Last year, Falwell made deep cuts to the School of Divinity (supposedly because of money); this year, he eliminated Liberty’s philosophy department (money again). He received pushback about the online school’s academic degradation, but not to worry, he says he won a “big victory” by figuring out how to “tame the faculty.” Liberty spends far less than peer schools on student instruction, while Liberty professors have no tenure and are employed on one-year contracts. It’s widely known that school’s faculty is overworked and underpaid, but Falwell doesn’t prioritize them: Two years ago, he said online teaching compensation (a vital source of income for many faculty members) would “soon” go up by 30 percent. That never happened, according to the latest faculty pay schedule. But along the way, Falwell has been really great at growing the endowment, and that’s awesome, because money means power.
Money and power, by the way, are the two things Falwell really cares about. He constantly brags about his access to President Trump, Kanye West, and others. You should see what he thinks of poor people. In his pursuit of status and material well-being, Falwell has done catastrophic damage to my school’s image. People are starting to notice: It’s now not uncommon, despite a culture of fear that is still present at the school, to see students, faculty, and in one case, a group of 30-plus black alumni leaders—including pastors—speak out against Falwell. This is good and necessary.
Until now, board members have stayed largely silent, apparently thinking that Falwell Jr. is the right person to carry out the vision his father had in founding the university. Student leaders, who get special treatment (parking passes, perks from athletics) and perceive themselves as having access and influence as a result of their proximity to administration officials, also rationalize their silence about Falwell. (As a student government leader for four years, I did, too, for a while.) And disturbingly, the school’s spiritual leaders, many of them privately opposed to Falwell, persuade students that their moral convictions aren’t worth pursuing—a worrying indicator of how Falwell’s presence is having a chilling effect on the moral formation of Liberty’s students. Mounting a sincere defense of Falwell is virtually impossible, so the culture that supports him is constructed with layers of flimsy, culturally accepted truths about faith, politics, media bias, and loyalty that make Falwell out to be the hero, the victim, and an unassailable authority figure all rolled into one.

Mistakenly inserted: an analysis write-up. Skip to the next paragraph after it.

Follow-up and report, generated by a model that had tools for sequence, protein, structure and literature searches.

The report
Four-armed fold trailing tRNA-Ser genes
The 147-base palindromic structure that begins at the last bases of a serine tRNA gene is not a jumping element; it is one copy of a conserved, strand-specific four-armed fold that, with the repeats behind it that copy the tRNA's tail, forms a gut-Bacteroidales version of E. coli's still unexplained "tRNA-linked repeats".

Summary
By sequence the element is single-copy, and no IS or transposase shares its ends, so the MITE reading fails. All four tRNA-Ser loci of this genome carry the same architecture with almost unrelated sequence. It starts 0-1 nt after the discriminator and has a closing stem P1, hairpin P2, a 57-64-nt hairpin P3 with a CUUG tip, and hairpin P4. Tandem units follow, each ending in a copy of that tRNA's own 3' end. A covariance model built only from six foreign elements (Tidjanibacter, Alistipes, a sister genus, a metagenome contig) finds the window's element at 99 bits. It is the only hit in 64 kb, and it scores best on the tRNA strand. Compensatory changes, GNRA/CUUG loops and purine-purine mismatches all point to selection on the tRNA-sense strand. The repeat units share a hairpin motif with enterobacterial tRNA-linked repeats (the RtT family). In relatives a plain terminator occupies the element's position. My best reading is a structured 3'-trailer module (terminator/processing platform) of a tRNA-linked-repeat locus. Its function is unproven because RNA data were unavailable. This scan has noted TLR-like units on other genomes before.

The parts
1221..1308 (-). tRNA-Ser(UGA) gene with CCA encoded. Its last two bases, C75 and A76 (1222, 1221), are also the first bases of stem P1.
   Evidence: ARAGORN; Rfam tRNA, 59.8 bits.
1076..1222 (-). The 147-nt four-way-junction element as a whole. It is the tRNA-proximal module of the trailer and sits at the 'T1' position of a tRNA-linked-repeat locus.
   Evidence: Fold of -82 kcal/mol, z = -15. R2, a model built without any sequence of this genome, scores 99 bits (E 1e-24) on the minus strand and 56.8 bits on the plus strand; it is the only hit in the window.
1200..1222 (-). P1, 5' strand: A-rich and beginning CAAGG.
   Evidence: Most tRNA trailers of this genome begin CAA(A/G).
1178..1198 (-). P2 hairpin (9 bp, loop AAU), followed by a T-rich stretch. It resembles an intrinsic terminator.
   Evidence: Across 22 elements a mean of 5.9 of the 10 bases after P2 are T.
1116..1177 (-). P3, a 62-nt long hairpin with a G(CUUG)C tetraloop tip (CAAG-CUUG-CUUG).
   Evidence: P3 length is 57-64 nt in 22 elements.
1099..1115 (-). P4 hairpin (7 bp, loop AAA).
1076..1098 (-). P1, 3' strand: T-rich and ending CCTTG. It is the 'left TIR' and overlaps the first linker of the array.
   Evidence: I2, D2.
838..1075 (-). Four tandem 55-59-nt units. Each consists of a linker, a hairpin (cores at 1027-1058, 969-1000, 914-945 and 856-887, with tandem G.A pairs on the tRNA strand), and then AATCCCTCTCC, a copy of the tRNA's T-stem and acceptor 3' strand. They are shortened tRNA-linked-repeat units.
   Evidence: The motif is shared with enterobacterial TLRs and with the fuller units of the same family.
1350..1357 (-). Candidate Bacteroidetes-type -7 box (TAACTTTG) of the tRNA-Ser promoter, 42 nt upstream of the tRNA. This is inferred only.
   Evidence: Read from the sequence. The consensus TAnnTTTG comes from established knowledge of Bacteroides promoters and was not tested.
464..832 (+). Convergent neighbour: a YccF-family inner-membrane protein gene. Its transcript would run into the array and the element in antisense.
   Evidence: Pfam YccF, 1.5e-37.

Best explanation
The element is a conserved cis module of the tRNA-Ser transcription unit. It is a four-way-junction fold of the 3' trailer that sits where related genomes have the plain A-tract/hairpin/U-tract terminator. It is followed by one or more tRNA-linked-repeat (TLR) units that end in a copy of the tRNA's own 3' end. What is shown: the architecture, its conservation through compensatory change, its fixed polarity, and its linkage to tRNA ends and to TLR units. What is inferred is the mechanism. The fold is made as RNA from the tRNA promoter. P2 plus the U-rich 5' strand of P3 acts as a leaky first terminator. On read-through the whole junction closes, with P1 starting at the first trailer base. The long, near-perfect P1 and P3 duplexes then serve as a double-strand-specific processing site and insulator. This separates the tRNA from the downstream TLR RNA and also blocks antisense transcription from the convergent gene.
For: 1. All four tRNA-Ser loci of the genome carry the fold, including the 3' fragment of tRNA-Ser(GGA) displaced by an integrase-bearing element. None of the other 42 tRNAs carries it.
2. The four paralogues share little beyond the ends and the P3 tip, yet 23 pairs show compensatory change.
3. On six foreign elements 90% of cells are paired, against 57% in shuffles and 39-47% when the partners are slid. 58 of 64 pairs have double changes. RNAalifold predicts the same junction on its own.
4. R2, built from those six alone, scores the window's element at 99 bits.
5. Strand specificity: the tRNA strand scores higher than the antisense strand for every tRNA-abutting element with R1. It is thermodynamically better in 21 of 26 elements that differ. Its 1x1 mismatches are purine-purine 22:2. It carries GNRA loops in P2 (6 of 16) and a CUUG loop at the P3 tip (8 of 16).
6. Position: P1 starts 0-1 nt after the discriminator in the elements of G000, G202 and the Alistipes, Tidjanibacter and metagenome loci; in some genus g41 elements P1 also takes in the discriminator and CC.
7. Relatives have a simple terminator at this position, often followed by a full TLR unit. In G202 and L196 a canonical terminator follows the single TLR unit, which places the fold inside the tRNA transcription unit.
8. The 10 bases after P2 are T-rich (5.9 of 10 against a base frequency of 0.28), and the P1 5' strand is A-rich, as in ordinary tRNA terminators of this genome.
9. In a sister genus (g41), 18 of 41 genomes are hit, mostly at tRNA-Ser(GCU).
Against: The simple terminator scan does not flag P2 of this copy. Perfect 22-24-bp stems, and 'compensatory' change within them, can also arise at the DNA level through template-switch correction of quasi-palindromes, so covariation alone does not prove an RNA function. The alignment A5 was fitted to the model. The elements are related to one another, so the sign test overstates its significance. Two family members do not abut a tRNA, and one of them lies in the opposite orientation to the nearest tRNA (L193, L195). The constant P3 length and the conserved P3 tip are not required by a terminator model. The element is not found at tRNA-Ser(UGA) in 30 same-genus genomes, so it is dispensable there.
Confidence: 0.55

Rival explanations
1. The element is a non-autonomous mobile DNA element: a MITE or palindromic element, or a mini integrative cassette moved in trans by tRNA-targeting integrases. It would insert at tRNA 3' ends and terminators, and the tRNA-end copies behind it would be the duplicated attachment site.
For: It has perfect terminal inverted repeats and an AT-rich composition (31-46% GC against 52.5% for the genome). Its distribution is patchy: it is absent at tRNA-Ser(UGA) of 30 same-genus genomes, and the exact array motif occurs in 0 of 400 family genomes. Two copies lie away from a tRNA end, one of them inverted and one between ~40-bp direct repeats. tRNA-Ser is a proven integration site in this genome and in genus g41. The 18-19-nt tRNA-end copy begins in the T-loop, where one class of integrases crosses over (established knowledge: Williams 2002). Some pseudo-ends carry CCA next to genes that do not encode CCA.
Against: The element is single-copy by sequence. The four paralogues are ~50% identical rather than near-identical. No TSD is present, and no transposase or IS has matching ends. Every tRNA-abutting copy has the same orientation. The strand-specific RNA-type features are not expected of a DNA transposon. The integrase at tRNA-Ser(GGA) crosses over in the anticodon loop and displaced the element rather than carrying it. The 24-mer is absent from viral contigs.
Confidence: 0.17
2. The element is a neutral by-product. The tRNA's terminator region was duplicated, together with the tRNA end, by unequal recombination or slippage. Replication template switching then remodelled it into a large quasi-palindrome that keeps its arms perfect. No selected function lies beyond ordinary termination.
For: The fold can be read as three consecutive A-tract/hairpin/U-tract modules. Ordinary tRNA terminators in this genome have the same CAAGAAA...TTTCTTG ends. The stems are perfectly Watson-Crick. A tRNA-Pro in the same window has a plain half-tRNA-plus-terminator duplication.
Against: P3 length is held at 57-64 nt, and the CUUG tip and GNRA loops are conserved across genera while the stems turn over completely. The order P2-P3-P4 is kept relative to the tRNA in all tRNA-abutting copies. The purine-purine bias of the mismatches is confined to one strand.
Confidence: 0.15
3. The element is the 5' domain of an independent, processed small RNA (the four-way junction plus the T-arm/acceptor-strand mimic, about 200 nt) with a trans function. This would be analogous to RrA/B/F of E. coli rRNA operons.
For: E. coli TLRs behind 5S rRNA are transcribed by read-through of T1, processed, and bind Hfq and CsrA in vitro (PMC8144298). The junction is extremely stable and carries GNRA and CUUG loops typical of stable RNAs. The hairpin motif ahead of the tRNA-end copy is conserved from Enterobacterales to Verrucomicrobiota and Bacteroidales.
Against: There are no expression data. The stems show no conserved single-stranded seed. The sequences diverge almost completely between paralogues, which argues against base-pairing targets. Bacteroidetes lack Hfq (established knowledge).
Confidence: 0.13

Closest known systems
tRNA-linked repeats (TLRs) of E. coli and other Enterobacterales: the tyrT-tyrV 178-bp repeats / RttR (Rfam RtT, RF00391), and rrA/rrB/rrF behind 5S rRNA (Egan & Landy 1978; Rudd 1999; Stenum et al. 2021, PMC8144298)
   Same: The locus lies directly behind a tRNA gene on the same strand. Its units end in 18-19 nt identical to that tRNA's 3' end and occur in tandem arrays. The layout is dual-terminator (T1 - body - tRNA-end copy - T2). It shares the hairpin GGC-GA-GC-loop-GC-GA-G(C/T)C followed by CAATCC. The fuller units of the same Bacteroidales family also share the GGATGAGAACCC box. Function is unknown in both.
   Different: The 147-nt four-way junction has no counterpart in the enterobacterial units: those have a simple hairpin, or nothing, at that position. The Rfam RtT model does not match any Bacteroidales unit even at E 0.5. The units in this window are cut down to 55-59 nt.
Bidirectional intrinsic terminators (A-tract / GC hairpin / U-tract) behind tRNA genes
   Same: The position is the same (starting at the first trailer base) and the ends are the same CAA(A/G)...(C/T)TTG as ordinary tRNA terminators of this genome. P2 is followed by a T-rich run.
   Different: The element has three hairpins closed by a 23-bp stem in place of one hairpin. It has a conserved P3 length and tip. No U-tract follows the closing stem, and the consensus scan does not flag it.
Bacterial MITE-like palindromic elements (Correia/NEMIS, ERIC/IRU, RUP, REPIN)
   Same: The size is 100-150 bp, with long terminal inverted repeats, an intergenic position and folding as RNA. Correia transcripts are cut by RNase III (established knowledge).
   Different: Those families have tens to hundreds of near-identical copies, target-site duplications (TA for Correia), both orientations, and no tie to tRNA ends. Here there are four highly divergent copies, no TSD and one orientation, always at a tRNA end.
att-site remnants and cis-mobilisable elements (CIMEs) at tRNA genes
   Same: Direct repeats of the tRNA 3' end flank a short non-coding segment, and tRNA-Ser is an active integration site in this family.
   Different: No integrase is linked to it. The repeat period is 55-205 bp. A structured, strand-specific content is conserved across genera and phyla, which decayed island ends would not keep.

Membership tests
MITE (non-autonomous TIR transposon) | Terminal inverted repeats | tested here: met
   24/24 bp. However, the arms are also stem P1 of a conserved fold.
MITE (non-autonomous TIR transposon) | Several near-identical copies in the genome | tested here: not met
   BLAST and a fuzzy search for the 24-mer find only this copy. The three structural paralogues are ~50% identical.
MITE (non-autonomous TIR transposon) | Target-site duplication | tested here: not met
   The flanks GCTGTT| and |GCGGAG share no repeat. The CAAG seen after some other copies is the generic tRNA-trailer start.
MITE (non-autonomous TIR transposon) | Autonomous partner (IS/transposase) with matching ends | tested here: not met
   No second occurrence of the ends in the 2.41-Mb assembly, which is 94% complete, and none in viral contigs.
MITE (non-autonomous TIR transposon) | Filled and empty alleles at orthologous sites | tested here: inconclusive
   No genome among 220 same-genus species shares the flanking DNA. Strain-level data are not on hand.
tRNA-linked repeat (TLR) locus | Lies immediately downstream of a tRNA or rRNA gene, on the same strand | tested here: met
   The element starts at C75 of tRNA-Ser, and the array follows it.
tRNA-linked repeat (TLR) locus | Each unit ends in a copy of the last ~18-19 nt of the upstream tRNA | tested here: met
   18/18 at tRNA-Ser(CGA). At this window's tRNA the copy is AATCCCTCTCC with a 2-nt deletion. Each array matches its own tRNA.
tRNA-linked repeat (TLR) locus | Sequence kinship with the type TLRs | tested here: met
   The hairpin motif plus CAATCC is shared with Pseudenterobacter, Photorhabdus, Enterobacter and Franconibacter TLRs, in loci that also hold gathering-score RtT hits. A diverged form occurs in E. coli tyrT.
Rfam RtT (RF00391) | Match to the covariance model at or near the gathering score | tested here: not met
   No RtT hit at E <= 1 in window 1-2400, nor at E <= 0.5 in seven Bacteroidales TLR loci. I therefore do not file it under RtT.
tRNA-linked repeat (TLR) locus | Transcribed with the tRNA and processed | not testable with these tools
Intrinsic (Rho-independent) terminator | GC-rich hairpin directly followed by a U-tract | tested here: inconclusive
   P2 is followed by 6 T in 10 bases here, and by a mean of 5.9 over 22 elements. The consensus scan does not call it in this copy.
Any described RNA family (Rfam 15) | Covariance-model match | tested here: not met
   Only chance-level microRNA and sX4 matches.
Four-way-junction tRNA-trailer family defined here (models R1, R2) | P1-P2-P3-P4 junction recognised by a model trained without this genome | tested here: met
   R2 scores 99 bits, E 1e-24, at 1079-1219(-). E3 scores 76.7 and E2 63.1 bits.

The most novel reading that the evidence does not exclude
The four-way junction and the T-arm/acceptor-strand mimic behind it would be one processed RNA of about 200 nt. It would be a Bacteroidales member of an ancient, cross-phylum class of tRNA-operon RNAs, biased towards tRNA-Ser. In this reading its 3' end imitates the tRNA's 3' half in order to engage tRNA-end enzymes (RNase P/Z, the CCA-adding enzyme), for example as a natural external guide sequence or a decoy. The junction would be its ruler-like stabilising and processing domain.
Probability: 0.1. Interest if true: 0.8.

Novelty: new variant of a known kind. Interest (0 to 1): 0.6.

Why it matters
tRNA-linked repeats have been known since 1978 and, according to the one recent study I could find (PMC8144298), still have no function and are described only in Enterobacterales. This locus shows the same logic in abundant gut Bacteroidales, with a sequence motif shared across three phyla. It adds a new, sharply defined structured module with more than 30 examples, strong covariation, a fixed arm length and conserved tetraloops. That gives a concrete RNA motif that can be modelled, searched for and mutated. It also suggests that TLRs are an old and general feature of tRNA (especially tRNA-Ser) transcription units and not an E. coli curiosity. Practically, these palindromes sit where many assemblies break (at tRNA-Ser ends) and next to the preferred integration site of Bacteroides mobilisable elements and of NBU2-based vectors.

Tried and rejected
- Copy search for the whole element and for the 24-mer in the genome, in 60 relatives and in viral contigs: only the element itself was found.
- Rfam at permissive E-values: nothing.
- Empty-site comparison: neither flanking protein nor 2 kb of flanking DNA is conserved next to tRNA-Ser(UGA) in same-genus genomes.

Really, the only unassailably true things about Falwell are that he dismisses his faith at every turn, disavows his spiritual responsibility, and finds great fulfillment in the pursuit of political influence and prosperity. Just watch Convocation (the twice-weekly event required for all LU students) and note how Falwell is ever-absent for the sermons but ever-present for the politics. Beyond the spiritual dimensions of Falwell’s failure, it’s worth noting that an average person would be fired if they damaged the reputation of their employer half as much as Falwell has.
To my fellow members of the Liberty community: If anyone tries to downplay this latest incident to you (and they will; take my word for it), you should gently remind them that Falwell’s recent public indecency isn’t just a one-off parody but part of a long pattern. According to Falwell, his Instagram post was embarrassing to the young woman he was pictured with, but not to Falwell himself. And why would he be embarrassed? After all, Falwell’s zipper has been down for a long time. We’ve seen everything, and it’s too disturbing to stay quiet.